Blood Test Screening In The First Trimester
Physicians do the non-invasive prenatal test (NIPT) to check if a baby has Down syndrome majorly. This test is usually done after ten weeks of conception. Your blood samples are taken and checked if there is a chromosome disorder in the fetal DNA. Hence, the NIPT test is usually employed if there is a high risk of abnormality in your unborn baby.
This test can also be employed in checking the sex of your baby. Mothers who have once had a defective baby or that are above the age of 35 are usually recommended for this blood test. However, if you will like to know the sex of your baby, giving your blood sample to the physician does not pose any danger because this test is a non-invasive test.
Amniocentesis is another test that is used to diagnose any developmental abnormalities in your fetus. The amniotic fluid surrounding your fetus is usually used for testing for such abnormalities. Often, amniocentesis is recommended for expectant mothers over the age of 35 or who have a history of the chromosomal disorder in their family.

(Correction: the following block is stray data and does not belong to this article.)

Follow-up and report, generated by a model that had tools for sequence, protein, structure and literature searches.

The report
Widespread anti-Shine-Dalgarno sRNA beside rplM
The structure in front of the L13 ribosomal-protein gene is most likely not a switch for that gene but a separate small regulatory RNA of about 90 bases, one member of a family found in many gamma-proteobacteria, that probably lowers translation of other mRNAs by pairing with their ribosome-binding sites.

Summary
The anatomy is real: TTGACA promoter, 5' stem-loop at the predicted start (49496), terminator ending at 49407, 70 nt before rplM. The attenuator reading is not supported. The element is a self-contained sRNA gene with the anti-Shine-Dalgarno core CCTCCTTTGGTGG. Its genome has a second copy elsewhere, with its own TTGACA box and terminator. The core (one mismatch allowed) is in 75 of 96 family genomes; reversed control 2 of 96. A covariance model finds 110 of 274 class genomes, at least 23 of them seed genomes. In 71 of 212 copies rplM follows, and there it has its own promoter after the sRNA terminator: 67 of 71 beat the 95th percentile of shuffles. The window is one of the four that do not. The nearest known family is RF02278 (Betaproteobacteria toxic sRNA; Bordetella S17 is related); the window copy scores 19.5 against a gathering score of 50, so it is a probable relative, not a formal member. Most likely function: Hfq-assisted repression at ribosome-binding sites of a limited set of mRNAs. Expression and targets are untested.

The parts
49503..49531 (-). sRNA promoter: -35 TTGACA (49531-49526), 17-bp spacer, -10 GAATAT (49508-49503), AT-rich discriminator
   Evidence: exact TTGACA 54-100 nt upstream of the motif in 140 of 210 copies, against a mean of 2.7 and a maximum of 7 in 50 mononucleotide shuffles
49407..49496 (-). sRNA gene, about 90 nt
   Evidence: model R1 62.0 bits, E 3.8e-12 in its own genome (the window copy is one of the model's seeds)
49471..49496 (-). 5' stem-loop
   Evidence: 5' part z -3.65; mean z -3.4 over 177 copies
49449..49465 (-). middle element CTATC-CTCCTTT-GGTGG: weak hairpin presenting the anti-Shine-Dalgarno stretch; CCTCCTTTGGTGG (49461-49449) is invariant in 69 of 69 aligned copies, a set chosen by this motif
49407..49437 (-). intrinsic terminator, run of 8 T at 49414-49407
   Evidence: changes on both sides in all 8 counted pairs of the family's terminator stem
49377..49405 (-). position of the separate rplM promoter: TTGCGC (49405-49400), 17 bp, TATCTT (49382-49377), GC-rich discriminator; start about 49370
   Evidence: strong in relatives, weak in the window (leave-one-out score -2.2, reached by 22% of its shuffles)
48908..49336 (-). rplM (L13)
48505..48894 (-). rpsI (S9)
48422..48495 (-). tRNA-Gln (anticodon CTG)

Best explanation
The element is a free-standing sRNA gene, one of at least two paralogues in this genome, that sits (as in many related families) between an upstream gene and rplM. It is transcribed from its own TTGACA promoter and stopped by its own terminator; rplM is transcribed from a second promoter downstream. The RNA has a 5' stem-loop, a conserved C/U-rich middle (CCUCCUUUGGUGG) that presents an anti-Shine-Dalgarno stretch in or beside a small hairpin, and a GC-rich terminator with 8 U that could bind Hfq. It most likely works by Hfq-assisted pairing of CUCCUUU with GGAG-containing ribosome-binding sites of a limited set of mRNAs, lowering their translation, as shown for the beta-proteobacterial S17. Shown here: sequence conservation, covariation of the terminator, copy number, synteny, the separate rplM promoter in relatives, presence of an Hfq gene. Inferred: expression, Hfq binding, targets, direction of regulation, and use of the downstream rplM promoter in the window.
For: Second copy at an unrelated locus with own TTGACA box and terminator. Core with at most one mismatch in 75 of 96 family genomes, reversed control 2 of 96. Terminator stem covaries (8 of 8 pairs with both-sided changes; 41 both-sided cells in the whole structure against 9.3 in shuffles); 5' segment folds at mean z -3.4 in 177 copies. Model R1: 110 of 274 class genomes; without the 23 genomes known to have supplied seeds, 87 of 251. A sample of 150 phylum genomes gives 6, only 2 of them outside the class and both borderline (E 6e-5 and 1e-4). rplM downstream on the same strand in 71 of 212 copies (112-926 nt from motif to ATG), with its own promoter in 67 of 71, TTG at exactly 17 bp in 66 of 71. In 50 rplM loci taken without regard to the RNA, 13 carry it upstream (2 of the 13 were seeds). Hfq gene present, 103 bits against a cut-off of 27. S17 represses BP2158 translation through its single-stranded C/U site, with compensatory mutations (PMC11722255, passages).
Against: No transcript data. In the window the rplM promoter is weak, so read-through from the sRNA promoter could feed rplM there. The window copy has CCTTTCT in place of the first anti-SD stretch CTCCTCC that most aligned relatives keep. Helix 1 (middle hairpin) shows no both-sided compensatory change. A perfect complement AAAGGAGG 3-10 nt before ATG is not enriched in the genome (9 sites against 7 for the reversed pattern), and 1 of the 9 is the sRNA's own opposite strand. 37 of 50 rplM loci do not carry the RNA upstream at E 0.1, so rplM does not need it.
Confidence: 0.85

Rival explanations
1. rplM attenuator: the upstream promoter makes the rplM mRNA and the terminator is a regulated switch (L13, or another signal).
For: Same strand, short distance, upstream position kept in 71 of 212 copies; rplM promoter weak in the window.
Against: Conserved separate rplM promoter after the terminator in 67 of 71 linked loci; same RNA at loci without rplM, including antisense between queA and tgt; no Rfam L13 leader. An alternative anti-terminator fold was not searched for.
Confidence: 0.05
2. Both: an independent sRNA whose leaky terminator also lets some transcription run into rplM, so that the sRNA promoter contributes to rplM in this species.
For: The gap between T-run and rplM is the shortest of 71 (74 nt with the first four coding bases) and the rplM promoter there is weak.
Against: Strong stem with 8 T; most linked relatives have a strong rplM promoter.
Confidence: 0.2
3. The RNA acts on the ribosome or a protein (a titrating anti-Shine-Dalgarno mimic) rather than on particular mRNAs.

Amniocentesis can be done between 15 to 18 weeks of conception. This test is also able to predict the sex of your fetus. So, you may go ahead and do it if you are eager to know whether your baby will be male or female. The risk associated with carrying out this test involves spotting, cramping, bruising, and miscarriage.
Many mothers are used to the ultrasound testing system. This is because the ultrasound is a routine prenatal scanning test used by the physician to know your baby’s health and position. This scan helps you to see your baby by creating its image on the ultrasound system.
When the image of your baby appears on the screen of the ultrasound monitor, your sonographer will be able to tell you whether you are to expect a baby girl or a baby boy. Although ultrasound scanning can help you detect the sex of your baby as early as 14 weeks of conception, it is usually good to wait until 18 to 22 weeks of conception to get an accurate result.
Chorionic Villus Sampling